By Javier Serna
The popularity of trout fishing in Minnesota has been on the rise for a decade now. But what exactly is behind the trend – whether it’s an increasing population or the sport itself improving with increased access and higher catch rates – is a hard thing to determine.
“I have seen the trends,” said Jamison Wendel, the Minnesota DNR’s stream habitat supervisor. “I don’t think we can pinpoint any one specific factor that can be correlated to (an) increase in (trout stamp) sales.”
In 2019, 108,095 anglers purchased trout stamp validations. In 2009, 90,106 purchased the validation, and in 2015, 100,922 purchased the stamp.
Carl Haensel, a trout-fishing guide on Minnesota’s North Shore, said it’s the state’s many opportunities that have increased participation and drawn visitors from outside the state.
“I think sometimes we take it for granted that we have so many incredible resources in Minnesota,” Haensel said. “I have people come visit to fish here from as far away as England and Argentina every year.”
Increased catch rates and trout numbers
Wendel said trout populations have been on the rise in the state’s Driftless Area, that portion of southeastern Minnesota noted for its bluffs and coulees that keep constant ideal stream temperatures and have proved to be excellent hosts for brown trout.
Brown trout fishing in the Driftless Area has only gotten better.
“We have the highest catch rates for brown trout now, going back to the 1970s,” Wendel said.
Some of that is due to precipitation trends being on the rise, as well, he said. With more water in streambeds, there are fish in places that generally were too dry to support the fish in the past, he added.
“Our surveys (find) trout in those smaller reaches,” Wendel said.
“These are the good old days of trout angling,” Wendel said Ron Benjamin, the Lanesboro DNR area fisheries manager, once told him.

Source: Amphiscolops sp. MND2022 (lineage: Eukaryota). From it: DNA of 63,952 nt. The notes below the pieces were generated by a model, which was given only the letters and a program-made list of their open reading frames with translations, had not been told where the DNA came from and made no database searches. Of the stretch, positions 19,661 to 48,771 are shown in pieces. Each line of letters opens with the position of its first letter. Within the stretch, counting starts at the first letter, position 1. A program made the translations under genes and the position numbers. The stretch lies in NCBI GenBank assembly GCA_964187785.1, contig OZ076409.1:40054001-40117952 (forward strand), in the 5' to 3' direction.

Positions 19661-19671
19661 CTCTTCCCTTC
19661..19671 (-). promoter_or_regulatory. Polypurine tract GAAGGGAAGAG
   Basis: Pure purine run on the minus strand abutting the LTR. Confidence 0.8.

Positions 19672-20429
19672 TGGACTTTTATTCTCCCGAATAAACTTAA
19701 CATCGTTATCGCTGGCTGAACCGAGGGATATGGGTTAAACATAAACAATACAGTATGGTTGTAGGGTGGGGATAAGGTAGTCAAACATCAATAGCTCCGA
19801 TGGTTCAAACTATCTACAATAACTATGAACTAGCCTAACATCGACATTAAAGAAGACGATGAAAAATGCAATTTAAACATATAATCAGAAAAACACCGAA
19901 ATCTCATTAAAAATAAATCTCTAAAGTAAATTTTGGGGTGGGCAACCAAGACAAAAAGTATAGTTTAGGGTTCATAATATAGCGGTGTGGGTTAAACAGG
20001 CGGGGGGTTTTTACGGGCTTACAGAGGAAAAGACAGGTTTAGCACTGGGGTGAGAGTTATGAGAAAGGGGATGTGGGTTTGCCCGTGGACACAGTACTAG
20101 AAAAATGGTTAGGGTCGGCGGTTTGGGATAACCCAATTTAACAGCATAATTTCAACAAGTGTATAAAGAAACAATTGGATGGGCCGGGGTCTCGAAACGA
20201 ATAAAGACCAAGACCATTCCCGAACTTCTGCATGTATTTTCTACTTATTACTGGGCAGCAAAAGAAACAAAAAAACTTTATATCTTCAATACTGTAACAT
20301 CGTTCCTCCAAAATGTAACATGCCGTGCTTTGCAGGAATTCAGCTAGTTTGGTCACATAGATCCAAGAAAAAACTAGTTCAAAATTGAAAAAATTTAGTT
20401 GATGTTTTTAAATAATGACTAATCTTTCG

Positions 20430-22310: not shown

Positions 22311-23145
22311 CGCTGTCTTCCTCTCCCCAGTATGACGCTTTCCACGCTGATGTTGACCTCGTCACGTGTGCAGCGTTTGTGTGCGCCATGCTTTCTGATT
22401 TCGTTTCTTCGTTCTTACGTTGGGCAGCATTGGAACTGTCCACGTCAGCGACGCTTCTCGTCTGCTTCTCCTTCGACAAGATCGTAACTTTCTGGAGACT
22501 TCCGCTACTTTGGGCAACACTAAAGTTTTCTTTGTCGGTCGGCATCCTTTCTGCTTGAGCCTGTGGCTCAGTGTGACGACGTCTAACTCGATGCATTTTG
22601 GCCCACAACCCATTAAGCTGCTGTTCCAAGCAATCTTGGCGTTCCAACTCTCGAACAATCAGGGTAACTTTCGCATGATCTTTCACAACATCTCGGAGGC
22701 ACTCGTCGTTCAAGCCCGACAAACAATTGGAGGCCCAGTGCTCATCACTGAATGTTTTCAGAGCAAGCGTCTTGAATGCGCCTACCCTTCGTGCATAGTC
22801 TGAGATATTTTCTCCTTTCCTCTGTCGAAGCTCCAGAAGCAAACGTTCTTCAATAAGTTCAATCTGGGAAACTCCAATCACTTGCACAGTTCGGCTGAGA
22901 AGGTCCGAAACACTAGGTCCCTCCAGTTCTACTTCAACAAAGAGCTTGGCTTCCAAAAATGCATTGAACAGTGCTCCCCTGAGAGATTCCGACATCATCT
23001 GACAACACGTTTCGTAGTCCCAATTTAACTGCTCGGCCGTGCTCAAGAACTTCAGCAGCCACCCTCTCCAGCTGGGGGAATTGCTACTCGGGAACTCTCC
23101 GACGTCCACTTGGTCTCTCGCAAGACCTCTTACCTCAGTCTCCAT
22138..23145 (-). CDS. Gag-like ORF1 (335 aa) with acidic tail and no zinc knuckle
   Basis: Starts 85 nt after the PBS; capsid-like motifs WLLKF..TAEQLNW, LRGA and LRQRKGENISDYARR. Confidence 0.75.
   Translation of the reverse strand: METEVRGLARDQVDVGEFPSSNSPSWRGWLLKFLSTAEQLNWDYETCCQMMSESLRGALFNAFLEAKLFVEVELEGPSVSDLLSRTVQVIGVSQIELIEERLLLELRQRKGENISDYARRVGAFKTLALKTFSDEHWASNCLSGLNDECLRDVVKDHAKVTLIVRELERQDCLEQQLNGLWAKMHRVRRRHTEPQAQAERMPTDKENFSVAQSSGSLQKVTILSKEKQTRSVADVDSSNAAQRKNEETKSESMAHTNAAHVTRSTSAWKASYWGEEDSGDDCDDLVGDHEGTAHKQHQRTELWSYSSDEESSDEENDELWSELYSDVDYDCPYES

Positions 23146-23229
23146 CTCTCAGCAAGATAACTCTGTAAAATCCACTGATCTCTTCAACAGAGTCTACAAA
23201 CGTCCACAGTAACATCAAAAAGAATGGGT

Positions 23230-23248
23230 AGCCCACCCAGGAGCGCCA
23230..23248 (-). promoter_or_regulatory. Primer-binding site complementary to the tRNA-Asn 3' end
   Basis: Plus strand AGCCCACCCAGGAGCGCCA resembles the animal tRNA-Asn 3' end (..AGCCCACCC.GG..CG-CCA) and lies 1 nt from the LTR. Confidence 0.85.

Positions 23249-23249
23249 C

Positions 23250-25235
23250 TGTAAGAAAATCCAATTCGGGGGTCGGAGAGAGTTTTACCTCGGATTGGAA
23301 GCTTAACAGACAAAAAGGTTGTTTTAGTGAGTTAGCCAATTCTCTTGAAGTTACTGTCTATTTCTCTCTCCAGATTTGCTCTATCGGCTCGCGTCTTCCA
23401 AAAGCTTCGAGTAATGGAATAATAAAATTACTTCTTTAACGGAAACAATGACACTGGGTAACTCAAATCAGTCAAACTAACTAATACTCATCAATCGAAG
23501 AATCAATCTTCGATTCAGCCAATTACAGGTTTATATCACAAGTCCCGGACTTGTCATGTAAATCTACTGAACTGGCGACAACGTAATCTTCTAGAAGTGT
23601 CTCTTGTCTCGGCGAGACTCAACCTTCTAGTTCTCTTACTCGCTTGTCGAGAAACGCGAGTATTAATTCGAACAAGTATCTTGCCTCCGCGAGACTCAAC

Mel Hayner, who owns The Driftless Fly Fishing Company, credited regulation changes in the area for improved fishing.
“We’re getting more wild fish,” Hayner said, referencing things like protected slots. “In some of these prime streams now, you are targeting bigger fish.”
That’s been a change from some streams that in the past seemed to have only smaller fish, he said.
“The big fish eat the small fish,” he said. “That keeps the natural balance. Before, none of them grew very big. There was a high density of smaller fish.”
Hayner said he believes water quality is better, with clearer water, thanks to less erosion and fewer row crops.
“They are doing a better job with the buffers,” he said, referencing former Gov. Mark Dayton’s buffer law and also adding that stream habitat projects have done a better job of preventing erosion. “Rain events don’t have as big of an impact.”
All of the folks interviewed for this story mentioned an increased number of stream easements. Since 2010, 161 easements have been acquired regarding more than 57 stream miles, according to a recent DNR GIS query.
Those easements are paid for with trout stamp dollars and also other funds that Minnesota has available, such as the Outdoor Heritage Fund.